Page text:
We were at a wall which looked down over a laneway which would have been the road in front of the camp in the old days and we could see a huge concreted in drain (you might call it a creek or a river) which was the creek that used to run just a few metres in front of the camp.  We made our way around and found the lane and walked down it.  It was a real country lane with people living out their lives there and, most obvious to us, was the fact that as in the majority of China, there is no system of rubbish disposal so it was all dumped in stinking heaps outside their houses and on the river bank.  We stood there and took some pictures while I described to Frank that none of those houses were there in 1945 when the Americans dropped by parachute to liberate the camp.  A few metres in front of the camp was this creek and then there were open fields with the usual burial mounds scattered about. (picture 10) When the Americans landed by parachute they immediately drew their pistols and hid behind the burial mounds thinking that the Japs might resist their approach.  The Japs didn't and in fact it was us internees who for the first time in a number of years, rushed out the gate and across the creek and went to welcome them.  It was also in that area that most of the parachutes of food and other supplies were dropped over the next few weeks.  It was a 10 year old's dream as loads of chewing gum broke apart and tins of peaches were scattered about, some having broken open too.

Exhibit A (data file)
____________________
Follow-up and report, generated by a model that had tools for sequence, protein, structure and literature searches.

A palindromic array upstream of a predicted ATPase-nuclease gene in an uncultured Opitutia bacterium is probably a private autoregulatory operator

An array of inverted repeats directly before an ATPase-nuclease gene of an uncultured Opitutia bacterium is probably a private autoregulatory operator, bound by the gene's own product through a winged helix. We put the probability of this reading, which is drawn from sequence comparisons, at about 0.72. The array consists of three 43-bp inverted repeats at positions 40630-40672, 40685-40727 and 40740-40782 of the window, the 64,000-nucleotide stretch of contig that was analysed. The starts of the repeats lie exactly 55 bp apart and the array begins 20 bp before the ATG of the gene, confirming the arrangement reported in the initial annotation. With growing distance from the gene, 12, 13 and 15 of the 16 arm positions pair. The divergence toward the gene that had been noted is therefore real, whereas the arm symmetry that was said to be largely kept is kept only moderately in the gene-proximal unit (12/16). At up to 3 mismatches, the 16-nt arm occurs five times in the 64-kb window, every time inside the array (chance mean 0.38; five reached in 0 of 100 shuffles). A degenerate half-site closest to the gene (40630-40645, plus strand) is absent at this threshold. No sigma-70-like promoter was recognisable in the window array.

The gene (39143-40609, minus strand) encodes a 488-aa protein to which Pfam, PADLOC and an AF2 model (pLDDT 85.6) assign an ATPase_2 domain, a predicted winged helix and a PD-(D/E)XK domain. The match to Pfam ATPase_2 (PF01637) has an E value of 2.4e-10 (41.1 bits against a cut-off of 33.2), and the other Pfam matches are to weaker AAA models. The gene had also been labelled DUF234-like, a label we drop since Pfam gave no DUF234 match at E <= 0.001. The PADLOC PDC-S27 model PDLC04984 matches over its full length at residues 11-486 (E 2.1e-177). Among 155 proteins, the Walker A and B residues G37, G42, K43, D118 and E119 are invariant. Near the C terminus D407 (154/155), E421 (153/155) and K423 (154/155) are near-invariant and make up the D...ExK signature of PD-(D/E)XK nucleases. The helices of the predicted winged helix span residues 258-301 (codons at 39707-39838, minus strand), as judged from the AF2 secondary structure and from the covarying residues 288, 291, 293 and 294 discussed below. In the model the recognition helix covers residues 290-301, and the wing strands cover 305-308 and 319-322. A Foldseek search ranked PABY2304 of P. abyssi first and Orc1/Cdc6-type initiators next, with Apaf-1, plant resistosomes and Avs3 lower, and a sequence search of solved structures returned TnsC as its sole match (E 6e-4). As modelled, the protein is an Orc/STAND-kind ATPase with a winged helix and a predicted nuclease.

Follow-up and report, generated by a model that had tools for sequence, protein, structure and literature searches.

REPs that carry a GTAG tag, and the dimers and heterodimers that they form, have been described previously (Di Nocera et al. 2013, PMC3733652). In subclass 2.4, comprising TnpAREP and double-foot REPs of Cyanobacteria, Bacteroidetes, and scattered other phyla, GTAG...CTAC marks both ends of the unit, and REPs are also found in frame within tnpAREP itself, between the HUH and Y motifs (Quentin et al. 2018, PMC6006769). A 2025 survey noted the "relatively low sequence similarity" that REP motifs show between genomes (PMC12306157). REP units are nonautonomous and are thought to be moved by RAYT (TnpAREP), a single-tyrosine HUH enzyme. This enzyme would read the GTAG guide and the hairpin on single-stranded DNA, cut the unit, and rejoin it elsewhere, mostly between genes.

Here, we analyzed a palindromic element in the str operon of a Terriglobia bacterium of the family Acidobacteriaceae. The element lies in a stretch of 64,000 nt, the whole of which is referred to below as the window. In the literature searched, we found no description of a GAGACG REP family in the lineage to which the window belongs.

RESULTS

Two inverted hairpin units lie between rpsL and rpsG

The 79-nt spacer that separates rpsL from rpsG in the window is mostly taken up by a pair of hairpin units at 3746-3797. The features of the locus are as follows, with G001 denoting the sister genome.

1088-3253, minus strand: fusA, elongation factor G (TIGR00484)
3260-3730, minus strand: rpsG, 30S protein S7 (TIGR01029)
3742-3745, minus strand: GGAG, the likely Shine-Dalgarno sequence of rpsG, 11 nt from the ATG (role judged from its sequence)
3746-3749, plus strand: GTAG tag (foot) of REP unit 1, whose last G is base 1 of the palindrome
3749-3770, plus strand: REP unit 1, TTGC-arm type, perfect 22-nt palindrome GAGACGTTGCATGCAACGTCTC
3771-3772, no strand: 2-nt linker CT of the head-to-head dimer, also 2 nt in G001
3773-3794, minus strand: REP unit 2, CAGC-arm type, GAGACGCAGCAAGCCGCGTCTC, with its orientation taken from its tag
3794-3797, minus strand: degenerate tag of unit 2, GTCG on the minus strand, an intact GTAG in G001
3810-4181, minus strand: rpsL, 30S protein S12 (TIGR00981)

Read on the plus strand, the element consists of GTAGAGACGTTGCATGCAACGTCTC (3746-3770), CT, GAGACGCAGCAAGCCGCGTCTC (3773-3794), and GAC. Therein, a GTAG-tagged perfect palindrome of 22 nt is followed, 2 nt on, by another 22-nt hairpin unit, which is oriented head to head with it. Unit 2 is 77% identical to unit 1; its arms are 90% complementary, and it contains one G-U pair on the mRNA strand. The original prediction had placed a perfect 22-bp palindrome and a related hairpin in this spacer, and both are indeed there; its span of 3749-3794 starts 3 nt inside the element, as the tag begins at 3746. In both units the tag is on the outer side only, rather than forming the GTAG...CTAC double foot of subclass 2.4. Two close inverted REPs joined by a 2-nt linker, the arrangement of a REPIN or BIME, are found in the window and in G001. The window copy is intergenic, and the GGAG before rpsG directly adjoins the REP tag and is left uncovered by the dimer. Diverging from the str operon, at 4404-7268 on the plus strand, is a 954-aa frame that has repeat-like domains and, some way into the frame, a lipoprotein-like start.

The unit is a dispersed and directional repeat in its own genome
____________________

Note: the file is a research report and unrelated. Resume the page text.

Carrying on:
Although there was no obvious sign of it I took pictures of the place where the front gate used to be (picture 9) and have no doubt of my accuracy in this.  We then walked next door to the back entrance of the hospital property and immediately found the old hospital building (picture 11) which I remember so well where the Boys and the Girls schools were housed during our internment.  I spotted the front steps and the kitchen for the hospital patients. (pictures 12 and 13)  We wandered around taking pictures (picture 14) and came across a corner stone on the building which had the date 1924 on it and above that had been the name of the hospital, but during the Cultural Revolution some industrious Red Guard had come along with a stone chisel and hammer and chipped away at the name to obliterate any sign of the decadent westerners who had been here.  However it was not hard to work out that he had chipped away the letters which spelt "SHADYSIDE HOSPITAL" (picture 15)  He had done the same with the Chinese characters giving the name of the hospital on the other side of the stone, but one of the women who was there with her children told us what the characters had been.

 

Also while we were talking there and Frank was entertaining a number of young children as it was a children's playground, a woman came along who told us that she had been in the building cleaning it and had found hidden in some high place some papers which included a picture of a foreign woman who was a nurse.  Our informant lived too far away to go and get them to show us, but it set our imaginations on fire.  Who had hidden this stuff?  Was it one of the people who nursed in the camp hospital?  Maybe it was one of the boys or girls school children and the picture was of their mother? Why was it hidden and why was it not collected when the person left the camp?

 

 

 

It was a good day.